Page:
Finishing touches

Designing the bottle was time-consuming. There was a lot of problem-solving at this point, as the pandemic had created a global glass shortage. Then we made the name up! We came up with Doladira, a combination of the Dolomite Mountains and enrosadira, which is a local word for when the sun hits the minerality of the mountains and turns everything a beautiful fuchsia. It roughly translates as “alpenglow.”

Once we had perfected the drink, we experimented with different cocktails. Dola Spritz is two ounces of Doladira and a splash of soda, garnished with a strawberry. Or a really delicious way to drink it is with a wild peach bellini mix—this gives a really nice hit of sweetness.

The hardest moment

If you’re ambitious, I think every other day feels like the hardest day. We’re still very much in the infancy of Doladira. But we love what we’re doing, and other people love it, too. Worst-case scenario, we have a stock of 50,000 cases that we have to drink for the rest of our lives.

The moment you thought this just might work

The moment Richard said, “Let’s do this!” I never had a doubt about the drink itself. I believe that there’s a purpose to this all, and there’s a reason for its existence. It’s the only aperitivo co-owned by a woman; it has 60 percent less sugar than the leading guys; it has no additives; it’s just fruits and vegetables; and it’s accidentally vegan. I haven’t ever really thought for a moment it wouldn’t work—but “work” for me means that I like it, people around me like it, and it starts to build. I don’t need to be the next Casamigos [the popular tequila brand cofounded by George Clooney and Rande Gerber].

On switching careers

I think what comes into play from my old life as a writer, you have to be endlessly curious. With Doladira, I’m still who I am, I’m endlessly curious, but now it’s a fascination with different details about creating a spirit. What I love about this process is I’m always learning something new—whether that’s what an EU label looks like or what the limitations on liquid marketing are.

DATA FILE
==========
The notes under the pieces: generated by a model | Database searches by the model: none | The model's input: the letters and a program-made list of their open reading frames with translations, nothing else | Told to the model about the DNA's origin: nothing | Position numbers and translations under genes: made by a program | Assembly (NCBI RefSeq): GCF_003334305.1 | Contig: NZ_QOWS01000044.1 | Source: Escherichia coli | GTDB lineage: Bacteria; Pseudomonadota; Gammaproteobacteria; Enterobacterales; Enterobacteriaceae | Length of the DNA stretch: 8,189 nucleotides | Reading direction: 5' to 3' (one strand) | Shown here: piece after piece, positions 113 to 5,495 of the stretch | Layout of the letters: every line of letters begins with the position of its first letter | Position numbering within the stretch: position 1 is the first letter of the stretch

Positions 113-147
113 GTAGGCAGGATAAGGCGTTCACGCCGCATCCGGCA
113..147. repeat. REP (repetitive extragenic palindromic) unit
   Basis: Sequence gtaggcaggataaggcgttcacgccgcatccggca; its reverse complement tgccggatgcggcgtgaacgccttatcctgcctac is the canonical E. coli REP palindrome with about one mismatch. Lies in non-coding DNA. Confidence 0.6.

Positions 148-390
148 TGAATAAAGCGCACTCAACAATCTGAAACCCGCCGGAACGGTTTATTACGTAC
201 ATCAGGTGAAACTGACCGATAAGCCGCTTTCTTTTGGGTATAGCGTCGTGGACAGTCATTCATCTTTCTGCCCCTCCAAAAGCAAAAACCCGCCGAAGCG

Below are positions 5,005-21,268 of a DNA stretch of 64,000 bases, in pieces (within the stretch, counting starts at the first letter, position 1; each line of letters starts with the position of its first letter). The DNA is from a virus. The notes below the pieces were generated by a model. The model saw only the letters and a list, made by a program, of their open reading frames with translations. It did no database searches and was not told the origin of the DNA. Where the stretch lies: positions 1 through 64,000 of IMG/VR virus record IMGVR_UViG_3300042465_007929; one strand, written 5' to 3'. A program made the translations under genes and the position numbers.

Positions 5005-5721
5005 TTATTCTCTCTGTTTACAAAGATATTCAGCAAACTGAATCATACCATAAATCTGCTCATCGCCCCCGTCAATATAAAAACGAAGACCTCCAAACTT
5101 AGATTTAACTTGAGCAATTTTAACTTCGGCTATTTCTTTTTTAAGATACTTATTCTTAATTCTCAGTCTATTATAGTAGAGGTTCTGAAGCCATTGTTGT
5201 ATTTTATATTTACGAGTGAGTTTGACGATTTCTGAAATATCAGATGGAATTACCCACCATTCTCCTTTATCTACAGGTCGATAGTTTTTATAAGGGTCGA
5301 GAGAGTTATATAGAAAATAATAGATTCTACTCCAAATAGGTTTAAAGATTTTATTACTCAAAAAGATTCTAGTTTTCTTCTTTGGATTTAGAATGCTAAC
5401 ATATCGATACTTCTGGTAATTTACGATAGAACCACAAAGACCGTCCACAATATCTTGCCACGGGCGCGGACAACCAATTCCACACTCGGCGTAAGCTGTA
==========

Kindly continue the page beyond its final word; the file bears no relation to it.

Am I done with writing? I wish I had the answer. I’ve been working on a follow-up to Alpine Cooking since 2021. It’s called Alta (which means “upper,” “taller,” “higher”) Italia, and it’s about the food, wine, and cultures of seven northern regions of Italy. This book is gargantuan! I thought that it would be simpler, but it’s kind of like writing seven mini books in one.

The results

I had the dream of making this drink in 2020; it became a reality and came to market in fall of 2023. We’re now in 14 states and every single Whole Foods. By the end of this year, we aim to be in 18 or 20 states. In Europe, we’re in France, Italy, Switzerland, Austria, Germany, and the U.K. But we’re not trying to be everything to everyone all at once—I really believe in steady growth.

You know, there are loads of people who go into the spirits world from tech, or the investment side of things. But I didn’t start Doladira because I had a number in my head of what I wanted to sell or make. I just love what I’m doing, and I love being able to hire smart people to do it with.

Read the full article at HERE.